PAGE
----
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Dickson v. Hoffís Admír
File contributed for use in USGenWeb Archives by:
Deb Haines ddhaines@gmail.com December 8, 2005


Source: Reports Of Cases Argued And Determined In The High Court Of Errors And Appeals Of The State Of Mississippi
Written: 1839

Dickson v. Hoffís Admír.

pages 165-166

A judgment by default, writ of inquiry and verdict, without taking issue upon pleas pleaded, is irregular.

The notes made by the judga on the docket are not part of the record nor evidence for any purpose, and a judgment cannot be amended by them.

ERROR to the circuit court of Hinds county.

Webber, for plaintiff in error.

Skelton, contra, cited Com. Dig. Pleading, E. 5; 1 Ch. P1. 565; Ibid. 578-9; Com. Dig. E. 6; 2 Johnsonís Dig. 202, sect. 196.

Mr. Chief Justice SHARKEY delivered the opinion of the court.

The action was debt on an open account. After the writ of error was brought, the defendant in error suggested diminution, and had a sceond record brought up. The first record discloses this state of the case. After the declaration two pleas follow in the record, to which there are no issues. Immediately
after the pleas comes a judgment by default, and an award of inquiry of damages, and then follows the verdict assessing damages. If this record presents the whole case, there is good ground for reversing the judgment, because it was irregular to take judgment by default in the face of the pleas,
and as they appear on the record, they must have been filed before the judgment. It is insisted for the defendant in error that they were not filed at the time of taking judgment by default, but afterwards; and that the judgment was set aside for the purpose of allowing the pleas. In support of this position resort is had to the second record, and so the fact does appear on that record; but the counsel on the other side insists that it was improperly placed there. Pending the writ of error in this court, the counsel for the defendant in error moved the circuit court to amend the record and judgment according to the facts. This motion was made twelve months after judgment, before a different judge from the one who tried the cause. The motion was to amend by the docket and the entries made thereon by the judge, and it was sustained and the entry on the record corrected. The motion was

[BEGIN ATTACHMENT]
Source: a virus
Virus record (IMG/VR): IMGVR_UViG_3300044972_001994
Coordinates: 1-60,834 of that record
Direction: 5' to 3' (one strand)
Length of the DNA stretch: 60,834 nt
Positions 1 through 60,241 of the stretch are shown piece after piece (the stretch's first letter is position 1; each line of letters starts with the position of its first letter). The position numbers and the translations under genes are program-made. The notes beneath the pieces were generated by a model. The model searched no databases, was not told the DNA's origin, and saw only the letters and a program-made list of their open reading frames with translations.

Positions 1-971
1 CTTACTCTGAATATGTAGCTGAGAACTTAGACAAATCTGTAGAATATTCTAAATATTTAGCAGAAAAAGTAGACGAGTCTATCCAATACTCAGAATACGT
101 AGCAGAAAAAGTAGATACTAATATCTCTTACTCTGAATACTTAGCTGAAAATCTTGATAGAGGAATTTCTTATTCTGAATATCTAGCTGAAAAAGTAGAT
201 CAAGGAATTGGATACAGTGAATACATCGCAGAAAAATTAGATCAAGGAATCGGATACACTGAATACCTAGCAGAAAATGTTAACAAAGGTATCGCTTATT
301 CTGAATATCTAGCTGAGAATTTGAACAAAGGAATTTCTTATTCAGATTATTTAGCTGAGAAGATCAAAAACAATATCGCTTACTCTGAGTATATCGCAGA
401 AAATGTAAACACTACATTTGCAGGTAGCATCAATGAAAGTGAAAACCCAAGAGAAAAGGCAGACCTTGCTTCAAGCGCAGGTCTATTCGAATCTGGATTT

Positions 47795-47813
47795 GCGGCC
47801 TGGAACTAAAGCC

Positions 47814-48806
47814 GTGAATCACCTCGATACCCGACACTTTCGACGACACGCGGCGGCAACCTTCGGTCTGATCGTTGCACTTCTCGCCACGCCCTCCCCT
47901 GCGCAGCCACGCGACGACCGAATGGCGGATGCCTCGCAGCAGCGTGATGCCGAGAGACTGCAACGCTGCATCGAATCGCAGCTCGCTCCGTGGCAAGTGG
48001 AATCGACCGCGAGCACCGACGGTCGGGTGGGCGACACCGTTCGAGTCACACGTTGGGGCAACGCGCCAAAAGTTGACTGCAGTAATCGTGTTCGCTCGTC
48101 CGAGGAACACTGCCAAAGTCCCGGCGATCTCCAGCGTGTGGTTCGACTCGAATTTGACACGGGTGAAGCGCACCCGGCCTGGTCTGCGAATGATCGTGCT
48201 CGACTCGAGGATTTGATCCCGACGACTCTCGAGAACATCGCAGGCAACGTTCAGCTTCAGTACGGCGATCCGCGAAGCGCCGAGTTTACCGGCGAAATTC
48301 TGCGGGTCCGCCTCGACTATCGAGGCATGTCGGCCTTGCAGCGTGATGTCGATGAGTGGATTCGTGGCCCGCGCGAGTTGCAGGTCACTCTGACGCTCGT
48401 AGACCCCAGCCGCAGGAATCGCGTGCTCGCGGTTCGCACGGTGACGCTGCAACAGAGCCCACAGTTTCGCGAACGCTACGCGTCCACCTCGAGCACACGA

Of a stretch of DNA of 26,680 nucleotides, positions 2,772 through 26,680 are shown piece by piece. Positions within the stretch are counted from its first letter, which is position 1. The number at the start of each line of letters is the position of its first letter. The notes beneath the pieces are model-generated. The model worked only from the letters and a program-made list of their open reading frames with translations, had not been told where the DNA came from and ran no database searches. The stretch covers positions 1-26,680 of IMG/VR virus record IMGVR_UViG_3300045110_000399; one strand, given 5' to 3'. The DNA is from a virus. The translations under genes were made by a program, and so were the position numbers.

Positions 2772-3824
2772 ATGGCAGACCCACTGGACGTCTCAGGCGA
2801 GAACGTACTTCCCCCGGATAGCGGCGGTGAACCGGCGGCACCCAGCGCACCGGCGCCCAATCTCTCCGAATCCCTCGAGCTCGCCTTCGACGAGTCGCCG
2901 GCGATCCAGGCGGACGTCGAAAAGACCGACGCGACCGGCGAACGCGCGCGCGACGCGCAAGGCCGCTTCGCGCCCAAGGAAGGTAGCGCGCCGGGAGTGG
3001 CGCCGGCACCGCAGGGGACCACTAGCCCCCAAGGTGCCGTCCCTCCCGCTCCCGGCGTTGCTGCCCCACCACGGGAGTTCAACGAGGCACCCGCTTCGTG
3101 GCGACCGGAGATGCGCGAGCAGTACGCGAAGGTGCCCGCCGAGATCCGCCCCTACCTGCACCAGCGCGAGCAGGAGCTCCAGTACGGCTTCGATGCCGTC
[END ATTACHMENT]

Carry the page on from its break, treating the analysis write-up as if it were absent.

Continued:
improperly sustained. It was decided in the case of Burney v. Boyett, 1 How. Rep. 39, that the notes made by the judge on the docket, constituted no part of the record, and were not evidence for any purpose. That they were even more objectionable than parol evidence. To say nothing of the time at which the amendment was made, we are satisfied that the evidence on which it was made did not justify the amendment, and that therefore there is nothing which regularly varies the case from the attitude in which it was presented by the first record. As there is error in that record, the judgment must be reversed and cause remanded, with a venire de novo.

Source: Reports of Cases Argued and Determined in the High Court of Errors and Appeals of the State of Mississippi, by Volney E. Howard, Reporter to the State; Vol. III; Containing the Cases for December Term, 1838, and January Term, 1839. NEW ORLEANS: E. JOHNS & CO., STATIONERSí HALL, 1839.

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Page Created December 16, 2005